Septicemic plague is a complication of pneumonic or bubonic plague and can also occur independently. It develops when bacteria that cause plague multiply in the blood.

The bacteria enter the bloodstream through flea bites or when a person handles an animal with an infection.

This article explores septicemic plague in more detail, including its symptoms, causes, and diagnosis. The article also discusses treatment and how to help prevent the transmission of septicemic plague.

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The type of bacterium that causes plague is Yersinsia pestis. Septicemic plague is one of three types of plague — the other two are bubonic and pneumonic.

Plague affects humans and nonhuman animals. Septicemic and bubonic plague symptoms develop after bacteria pass from a flea or other animal into a person’s body through a break in the skin, such as a cut, bite, or sore. Pneumonic plague spreads through droplets after a person with the condition sneezes or coughs.

Septicemic plague can develop independently or as a complication of other types of plague.

The bacteria can evade the immune system and multiply within macrophages, which are a type of immune cell. Typically, the bacteria multiply in the lymph nodes, which causes the characteristic lumps or buboes that develop with bubonic plague. Buboes are swollen lymph nodes.

If a person does not have buboes, the bacteria may have directly passed into their blood, causing septicemic plague.

Symptoms of septicemic plague may occur within several days of bacterial exposure, but healthcare professionals do not know the exact timeframe.

When a person has septicemic plague, they may present with:

When septicemic plague develops on its own, buboes are absent, but if it develops as a result of bubonic plague, a person may first develop buboes.

When anyone has septicemia league or any other type, they need to go to a hospital.

In the United States, plague is more common in:

  • northern New Mexico
  • southern Colorado
  • northern Arizona
  • southern Oregon
  • California
  • far western Nevada

Septicemic plague is a rarer form of plague and accounts for 10–15% of cases. The most common is bubonic, while the least common is pneumonic.

Yersinia pestis is a gram-negative bacterium that causes plague, and its life cycle begins within an insect, mainly rodent fleas. The flea then bites a mammalian host, transmitting the bacteria.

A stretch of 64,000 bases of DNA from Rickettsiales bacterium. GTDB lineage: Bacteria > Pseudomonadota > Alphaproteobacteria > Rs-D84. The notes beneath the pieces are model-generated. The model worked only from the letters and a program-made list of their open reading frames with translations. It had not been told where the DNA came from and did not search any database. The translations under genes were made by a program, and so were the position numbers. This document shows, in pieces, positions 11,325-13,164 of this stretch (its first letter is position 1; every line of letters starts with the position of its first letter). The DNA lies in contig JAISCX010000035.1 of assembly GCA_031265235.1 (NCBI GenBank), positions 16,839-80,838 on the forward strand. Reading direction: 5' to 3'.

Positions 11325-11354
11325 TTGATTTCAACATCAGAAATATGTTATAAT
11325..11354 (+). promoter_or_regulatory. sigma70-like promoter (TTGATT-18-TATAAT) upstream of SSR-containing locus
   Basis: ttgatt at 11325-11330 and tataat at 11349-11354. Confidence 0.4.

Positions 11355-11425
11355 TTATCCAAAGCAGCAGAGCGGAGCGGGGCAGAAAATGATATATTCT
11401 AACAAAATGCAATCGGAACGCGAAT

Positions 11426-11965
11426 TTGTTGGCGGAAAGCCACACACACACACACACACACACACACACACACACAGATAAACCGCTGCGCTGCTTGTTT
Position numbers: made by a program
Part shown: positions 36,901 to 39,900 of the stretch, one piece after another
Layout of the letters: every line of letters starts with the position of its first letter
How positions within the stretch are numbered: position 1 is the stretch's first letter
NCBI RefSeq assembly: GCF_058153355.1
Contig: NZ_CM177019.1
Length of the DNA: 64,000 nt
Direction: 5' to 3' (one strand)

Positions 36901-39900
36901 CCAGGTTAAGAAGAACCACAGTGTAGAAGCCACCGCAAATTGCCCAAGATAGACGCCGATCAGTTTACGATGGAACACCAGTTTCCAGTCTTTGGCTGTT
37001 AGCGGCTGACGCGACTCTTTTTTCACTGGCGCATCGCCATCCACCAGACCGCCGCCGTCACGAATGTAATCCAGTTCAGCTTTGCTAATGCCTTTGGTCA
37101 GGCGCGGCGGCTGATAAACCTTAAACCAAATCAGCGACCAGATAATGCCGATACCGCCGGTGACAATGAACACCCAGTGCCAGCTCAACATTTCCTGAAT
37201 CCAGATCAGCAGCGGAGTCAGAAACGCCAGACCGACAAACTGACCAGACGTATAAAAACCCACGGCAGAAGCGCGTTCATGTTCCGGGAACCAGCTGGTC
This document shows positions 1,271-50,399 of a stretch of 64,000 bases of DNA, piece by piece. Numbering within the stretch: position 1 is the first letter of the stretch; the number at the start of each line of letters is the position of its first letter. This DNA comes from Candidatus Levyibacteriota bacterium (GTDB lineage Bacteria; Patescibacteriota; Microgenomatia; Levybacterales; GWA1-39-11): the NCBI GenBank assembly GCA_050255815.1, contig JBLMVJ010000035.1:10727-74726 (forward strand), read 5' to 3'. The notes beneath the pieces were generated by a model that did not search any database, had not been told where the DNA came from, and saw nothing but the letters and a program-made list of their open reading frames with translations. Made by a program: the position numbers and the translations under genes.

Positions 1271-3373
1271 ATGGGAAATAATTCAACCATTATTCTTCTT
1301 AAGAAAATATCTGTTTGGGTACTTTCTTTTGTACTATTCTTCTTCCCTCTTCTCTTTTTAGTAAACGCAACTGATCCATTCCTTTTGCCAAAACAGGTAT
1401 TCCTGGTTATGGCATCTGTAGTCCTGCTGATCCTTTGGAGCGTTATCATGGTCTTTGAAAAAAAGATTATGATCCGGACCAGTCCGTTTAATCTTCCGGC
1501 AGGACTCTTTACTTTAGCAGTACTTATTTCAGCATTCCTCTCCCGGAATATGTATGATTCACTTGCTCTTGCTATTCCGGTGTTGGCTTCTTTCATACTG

Plague can spread from fleas, rodents, and other nonhuman animals to humans. Septicemic plague is often a complication of bubonic or pneumonic plague, but it can develop independently if Yersinia pestis passes directly into the blood.

Initial symptoms of the septicaemic plague make it difficult for a doctor to diagnose, as fever and chills are common symptoms of many other conditions.

However, if a person develops these symptoms in areas where rodents and other animals carry plague, a doctor may suspect it much sooner.

If a person has recently had a flea bite, telling the doctor about the bite could help eliminate other conditions. However, the only way to confirm plague is with a blood test, which screens for Yersinia pestis markers.

One key identifying symptom of bubonic plague is buboes. If a person develops septicemic plague as a complication of bubonic plague, a healthcare professional may identify the condition sooner.

If septicemic plague develops independently, a person would not have buboes, which may delay diagnosis.

Early administration of antibiotics is an effective treatment for plague. Several antibiotics treat plague, including tetracyclines, fluoroquinolones, and aminoglycosides.

When a doctor diagnoses plague, a person must receive antibiotics as soon as possible due to the rapid progression of symptoms.

Aminoglycosides are often the first-line treatment, although this may depend on the area where a person receives treatment.

The earlier someone receives treatment, the better their outlook and likelihood of full recovery.

In the United States, particularly in the southwestern states, a person should avoid touching or going near dead rats. Moreover, people living in these states should take measures to deter rats from their homes and to help control other pests such as fleas. A person should never handle a sick or dead animal without wearing gloves.

If someone thinks they have received exposure to plague-causing bacteria or if they experience any symptoms of plague, they need to visit the emergency room immediately.

Septicemic plague occurs when plague-causing bacteria cause infection in the blood directly or as a complication of other types of plague.

Prompt treatment with antibiotics is necessary after infection, as symptoms can progress very quickly. People need to take precautions to avoid coming into contact with fleas and rats that may transmit plague.

A person needs to call 911 if they experience any symptoms of plague or think they may have received exposure to Yersinia pestis, the bacterium that causes plague.